Sunday, December 29, 2013

A friend's personal story of survival...

A few days ago I received an e-mail from an old friend from High School, Tony V., who described an outdoors survival situation he'd experienced some time back. Tony has a lot of outdoors experience; he is a B.S.A. Eagle Scout, been a Youth Conservation Corps trail crewman, and a lifelong fisherman and hunter...a real-life rugged guy. He has graciously agreed to allow me to share his story here, stating he hopes others can learn from it. Here's his account of the event just as he told it to me:
"Thought I would share with you. Once when I was elk hunting I had hiked too fast and too far, working up quite the sweat. The temperature had been about 25 degrees. Still not bad until the clouds came in and temperature dropped to 5 degrees. I was about 3 miles from the SUV. Snow was about 6 to 8 inches deep, so I had at least two hours of a walk ahead of me.

I was on a flat lumber access trail coming down the mountain. I had come to an area that had a bunch of old dead cut timber stacked on the trail. I decided to start a fire as I was shivering uncontrollably off and on. The gaps between the shivering getting smaller, while the length of the shivering was growing longer.

So, I built a nice pyramid of dry wood. I found dry wood under the first layer of stacked wood. I had matches, a lighter and a Gerber fire striker. When at 10,000 feet and 5 degrees temp, butane lighters don't work. No ignition…

So, I thought I would try the Gerber striker. Wow, it only took me about four attempts and the fuel/paraffin cube that store in the handle lit perfectly! I slid it under the wood and presto, I had a nice fire going. Total time from stopping on the trail and having a nice fire was about nine minutes.

I was a sales rep for Gerber and had sold hundreds of those items, so I wanted to see if they would work. I have to give it an A+!  I had a big fire, so I warmed up and took off the outer layers and dried them out. I had a snack and drank some water [I should mention, the guy who was with me was shivering all the time and had trouble speaking].

We took about a 45 minute break and then put the fire out and off we went. By the time we got to the SUV the temp had again dropped to -5 degrees. I did manage to bag an elk the next day about 100 yards from the warm up spot.

The Gerber Strike Force is now a permanent part of my survival kit and go bag. I don't even know if they make them anymore. It has been changed to the Bear [what's his name?] strike force."

Tony's life-saving Gerber "Strike Force"

It appears to me that Tony set out to hunt in reasonably good conditions, but got caught in an unexpected and severe weather change; change that then set off a chain of events that resulted in a desperate survival situation. This happens to many people who hike or hunt outdoors. A sad and fatal example of severe weather change and being ill-prepared for such an exigency occurred in January of this past year in Missouri and is reported here:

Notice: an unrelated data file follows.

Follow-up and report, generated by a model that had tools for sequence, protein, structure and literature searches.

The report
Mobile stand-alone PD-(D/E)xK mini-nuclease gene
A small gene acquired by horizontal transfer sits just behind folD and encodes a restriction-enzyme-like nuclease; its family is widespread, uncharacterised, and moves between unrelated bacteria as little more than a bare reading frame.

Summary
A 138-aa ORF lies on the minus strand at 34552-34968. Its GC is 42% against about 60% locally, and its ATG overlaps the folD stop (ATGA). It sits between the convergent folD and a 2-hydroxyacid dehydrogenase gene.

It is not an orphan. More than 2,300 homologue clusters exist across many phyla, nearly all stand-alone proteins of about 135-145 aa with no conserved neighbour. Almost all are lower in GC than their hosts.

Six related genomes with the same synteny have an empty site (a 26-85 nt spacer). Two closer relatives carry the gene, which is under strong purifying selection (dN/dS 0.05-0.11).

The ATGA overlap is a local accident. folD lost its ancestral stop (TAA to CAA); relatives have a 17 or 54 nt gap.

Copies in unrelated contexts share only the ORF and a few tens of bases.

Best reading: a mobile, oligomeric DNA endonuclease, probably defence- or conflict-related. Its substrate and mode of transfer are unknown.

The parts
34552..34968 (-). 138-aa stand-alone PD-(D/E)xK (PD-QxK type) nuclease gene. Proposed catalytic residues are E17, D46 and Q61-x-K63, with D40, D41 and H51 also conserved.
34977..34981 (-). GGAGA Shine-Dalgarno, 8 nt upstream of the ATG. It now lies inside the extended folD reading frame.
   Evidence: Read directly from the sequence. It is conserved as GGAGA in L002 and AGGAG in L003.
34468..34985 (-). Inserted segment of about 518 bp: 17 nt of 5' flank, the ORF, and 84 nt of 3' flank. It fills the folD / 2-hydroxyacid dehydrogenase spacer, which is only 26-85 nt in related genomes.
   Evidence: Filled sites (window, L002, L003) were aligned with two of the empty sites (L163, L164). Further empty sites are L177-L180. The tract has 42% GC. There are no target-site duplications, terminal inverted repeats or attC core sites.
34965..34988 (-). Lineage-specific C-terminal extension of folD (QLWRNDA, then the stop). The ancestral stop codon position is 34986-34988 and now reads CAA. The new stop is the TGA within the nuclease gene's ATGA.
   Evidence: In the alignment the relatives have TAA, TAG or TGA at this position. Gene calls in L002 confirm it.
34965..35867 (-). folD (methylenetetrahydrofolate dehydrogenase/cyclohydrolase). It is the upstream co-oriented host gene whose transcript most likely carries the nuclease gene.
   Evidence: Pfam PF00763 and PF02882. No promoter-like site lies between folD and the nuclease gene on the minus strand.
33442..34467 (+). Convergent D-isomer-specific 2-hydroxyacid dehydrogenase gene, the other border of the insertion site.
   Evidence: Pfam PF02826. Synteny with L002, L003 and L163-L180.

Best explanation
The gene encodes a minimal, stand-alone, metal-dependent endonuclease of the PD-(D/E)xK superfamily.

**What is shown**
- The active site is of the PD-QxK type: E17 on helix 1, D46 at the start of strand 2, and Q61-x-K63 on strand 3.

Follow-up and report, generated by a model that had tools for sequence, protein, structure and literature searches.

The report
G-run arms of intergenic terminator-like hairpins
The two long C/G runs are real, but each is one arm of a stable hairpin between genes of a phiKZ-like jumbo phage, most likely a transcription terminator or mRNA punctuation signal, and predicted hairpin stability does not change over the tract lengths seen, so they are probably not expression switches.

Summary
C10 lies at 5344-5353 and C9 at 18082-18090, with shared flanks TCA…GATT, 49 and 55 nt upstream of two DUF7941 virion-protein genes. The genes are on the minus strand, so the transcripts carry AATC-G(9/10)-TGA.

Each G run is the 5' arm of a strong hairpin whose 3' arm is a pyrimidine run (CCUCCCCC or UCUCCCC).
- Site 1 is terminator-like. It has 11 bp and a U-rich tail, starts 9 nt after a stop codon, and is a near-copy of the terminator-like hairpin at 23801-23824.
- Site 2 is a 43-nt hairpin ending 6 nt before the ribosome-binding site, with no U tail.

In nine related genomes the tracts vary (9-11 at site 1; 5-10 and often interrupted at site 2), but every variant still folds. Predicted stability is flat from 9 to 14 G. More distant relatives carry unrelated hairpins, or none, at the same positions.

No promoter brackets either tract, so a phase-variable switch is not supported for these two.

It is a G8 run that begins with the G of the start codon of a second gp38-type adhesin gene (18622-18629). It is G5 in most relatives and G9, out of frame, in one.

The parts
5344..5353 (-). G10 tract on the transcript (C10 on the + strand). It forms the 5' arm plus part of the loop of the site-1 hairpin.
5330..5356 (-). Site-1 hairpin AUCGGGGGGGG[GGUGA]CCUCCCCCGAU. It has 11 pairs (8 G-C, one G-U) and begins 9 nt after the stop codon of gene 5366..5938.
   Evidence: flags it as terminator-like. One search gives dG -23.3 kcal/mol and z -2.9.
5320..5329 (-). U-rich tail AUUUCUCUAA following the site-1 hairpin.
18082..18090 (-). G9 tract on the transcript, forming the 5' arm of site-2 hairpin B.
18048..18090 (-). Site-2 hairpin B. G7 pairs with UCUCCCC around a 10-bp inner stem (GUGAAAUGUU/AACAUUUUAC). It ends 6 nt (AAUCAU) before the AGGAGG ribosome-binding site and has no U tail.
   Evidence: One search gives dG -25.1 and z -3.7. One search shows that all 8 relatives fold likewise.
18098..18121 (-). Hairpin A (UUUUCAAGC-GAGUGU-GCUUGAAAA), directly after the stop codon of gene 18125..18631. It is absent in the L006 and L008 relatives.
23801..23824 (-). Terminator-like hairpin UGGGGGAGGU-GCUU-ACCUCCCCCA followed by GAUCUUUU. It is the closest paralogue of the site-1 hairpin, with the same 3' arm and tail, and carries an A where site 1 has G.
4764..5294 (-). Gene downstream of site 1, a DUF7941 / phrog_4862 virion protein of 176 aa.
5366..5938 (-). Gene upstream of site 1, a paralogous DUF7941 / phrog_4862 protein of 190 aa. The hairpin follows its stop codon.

Fortunately Tony's situational awareness and outdoor skills pulled him through. As we head into Winter, there are a few points presented here that are worth reviewing for those who are planning to venture outdoors:

1. Listen to the weather forecast and plan accordingly. Understand that weather can change without warning and temperatures can plunge dramatically.  Be prepared and plan ahead for the possibility of severe weather changes.

2. Dress in layers, with a wind-resistant outer layer. Wear a hat (a large amount of body heat is lost from the head) and mittens or insulated gloves. Keep your face warm by wearing a scarf, neck tube or face mask. Wear warm and waterproof footwear that fits properly.

3. Avoid over-exerting yourself, wear moisture wicking fabrics, and stay dry. Wet clothing chills the body rapidly. Remove outer layers of clothing or open your coat if you are sweating.

4. Seek shelter from the wind, which can add to the chill factor. Stay hydrated and maintain caloric intake. The body needs to be adequately hydrated in order to prevent cold weather injuries. The human body requires 10% more calories just performing mild work in cold conditions.

5. Have several tools to make fire, and practice fire making skills in advance of needing them. In this instance, 2 of the 3 means of fire making Tony V. had with him failed, but the third method he'd packed in his kit succeeded in making fire.

6. Be able to recognize the onset of hypothermia and immediately take steps to get warm again. In this case my friend recognized that his shivering was worsening by the minute, and that he had to make a fire immediately to save himself and his hunting companion.

Finally, here is a simple acronym you can use to remember steps for staying warm:


C -  Keep skin COVERED and your clothing CLEAN.
L - Wear clothing LOOSE and in LAYERS.
D - Keep clothing DRY.
E - EXAMINE clothing for tears and defects.
R - Keep clothing REPAIRED. 

Special thanks to Tony for allowing me to share his outdoor experience!


No comments:

Post a Comment